Which leads us to the second limitation - how, physically, people are going to play games on Apple TV. The system is controlled, as expected, with a new remote that has few physical buttons but sports a very sensitive trackpad, a motion sensing chip and a microphone. There are certainly some interesting things you could do to control a game with that - although I don't doubt the skeptical mind which says that the first thing that's going to happen is a clone of every piece of Wii shovelware ever released - but it does almost entirely preclude simple porting of retro classics, and even of many indie titles. Creators are going to have think hard about how their game will work with that control setup, which may be either a good thing or a bad thing, depending on the results of their cogitation.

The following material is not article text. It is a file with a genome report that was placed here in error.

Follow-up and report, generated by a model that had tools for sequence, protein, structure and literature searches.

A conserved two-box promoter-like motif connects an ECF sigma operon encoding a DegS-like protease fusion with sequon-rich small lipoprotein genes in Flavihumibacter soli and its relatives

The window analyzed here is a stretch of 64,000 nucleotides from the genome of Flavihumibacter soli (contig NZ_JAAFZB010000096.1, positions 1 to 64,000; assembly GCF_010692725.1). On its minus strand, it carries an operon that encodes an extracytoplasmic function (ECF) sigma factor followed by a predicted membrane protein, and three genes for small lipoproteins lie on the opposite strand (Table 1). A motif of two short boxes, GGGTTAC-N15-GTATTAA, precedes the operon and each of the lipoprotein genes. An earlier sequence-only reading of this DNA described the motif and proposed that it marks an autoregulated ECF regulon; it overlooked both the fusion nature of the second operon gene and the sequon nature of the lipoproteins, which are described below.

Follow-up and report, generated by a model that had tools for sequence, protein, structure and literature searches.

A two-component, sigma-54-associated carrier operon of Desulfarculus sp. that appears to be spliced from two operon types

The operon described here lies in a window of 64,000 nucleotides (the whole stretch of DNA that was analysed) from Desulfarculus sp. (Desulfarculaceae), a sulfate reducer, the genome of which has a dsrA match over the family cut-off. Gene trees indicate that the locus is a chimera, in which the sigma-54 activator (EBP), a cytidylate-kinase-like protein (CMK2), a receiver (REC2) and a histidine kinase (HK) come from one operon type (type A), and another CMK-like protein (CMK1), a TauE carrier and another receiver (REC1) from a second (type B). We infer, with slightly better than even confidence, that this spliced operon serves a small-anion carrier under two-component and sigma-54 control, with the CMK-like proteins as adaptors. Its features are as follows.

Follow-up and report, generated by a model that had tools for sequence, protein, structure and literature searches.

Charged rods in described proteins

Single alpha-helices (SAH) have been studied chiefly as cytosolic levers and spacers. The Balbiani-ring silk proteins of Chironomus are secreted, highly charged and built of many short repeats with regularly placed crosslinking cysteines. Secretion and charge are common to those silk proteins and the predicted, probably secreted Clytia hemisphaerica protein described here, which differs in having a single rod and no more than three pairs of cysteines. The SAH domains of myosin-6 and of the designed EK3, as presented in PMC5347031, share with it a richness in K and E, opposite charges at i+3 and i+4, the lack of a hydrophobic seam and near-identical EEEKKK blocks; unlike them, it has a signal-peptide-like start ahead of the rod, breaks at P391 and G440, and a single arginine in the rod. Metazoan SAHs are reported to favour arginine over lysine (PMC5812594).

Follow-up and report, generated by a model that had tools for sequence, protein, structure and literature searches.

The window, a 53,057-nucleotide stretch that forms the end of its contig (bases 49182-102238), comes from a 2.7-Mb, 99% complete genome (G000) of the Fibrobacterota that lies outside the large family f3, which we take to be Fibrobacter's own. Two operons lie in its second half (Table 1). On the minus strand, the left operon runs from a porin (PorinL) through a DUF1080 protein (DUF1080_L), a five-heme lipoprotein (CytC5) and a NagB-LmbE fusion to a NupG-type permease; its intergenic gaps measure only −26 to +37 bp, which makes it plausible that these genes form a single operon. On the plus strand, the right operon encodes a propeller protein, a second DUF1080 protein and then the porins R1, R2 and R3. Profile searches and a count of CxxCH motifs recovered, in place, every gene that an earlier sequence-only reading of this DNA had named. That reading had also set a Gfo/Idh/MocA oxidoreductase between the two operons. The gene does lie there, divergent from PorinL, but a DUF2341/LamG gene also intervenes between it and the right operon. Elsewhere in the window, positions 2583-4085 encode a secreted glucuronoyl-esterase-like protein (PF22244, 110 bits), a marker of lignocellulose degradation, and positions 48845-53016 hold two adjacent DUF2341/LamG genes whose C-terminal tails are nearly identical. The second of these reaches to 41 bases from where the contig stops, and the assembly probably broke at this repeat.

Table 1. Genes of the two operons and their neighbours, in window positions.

There are other control options; almost every report on the device has pointed out that it works with any MFi compliant Bluetooth game pad, but this feels like little more than an exercise in specification box-ticking. No developer can release a game that relies upon these gamepads, because realistically, the kind of consumer who is willing to buy a gamepad and keep it in his living room in order to play games on his TV is exactly the kind of consumer who buys an actual games console. The old adage that standalone peripherals for game consoles are not worth developing games for holds equally true in this brave new world; games on Apple TV will live or die by how well people can make them work with the bundled remote, regardless of what third-party controllers may or may not be on the market. Of more interest, I think, is the potential for controlling games on the Apple TV using iPhones as controllers; I'm not sold on the idea of an iPhone as a gamepad, but given the ubiquity of iPhones (and perhaps even the potential for companion apps on Android, which may or may not be technically possible), multiplayer games in which each player has a "personal screen" as well as a view of the "main shared screen" have some serious potential.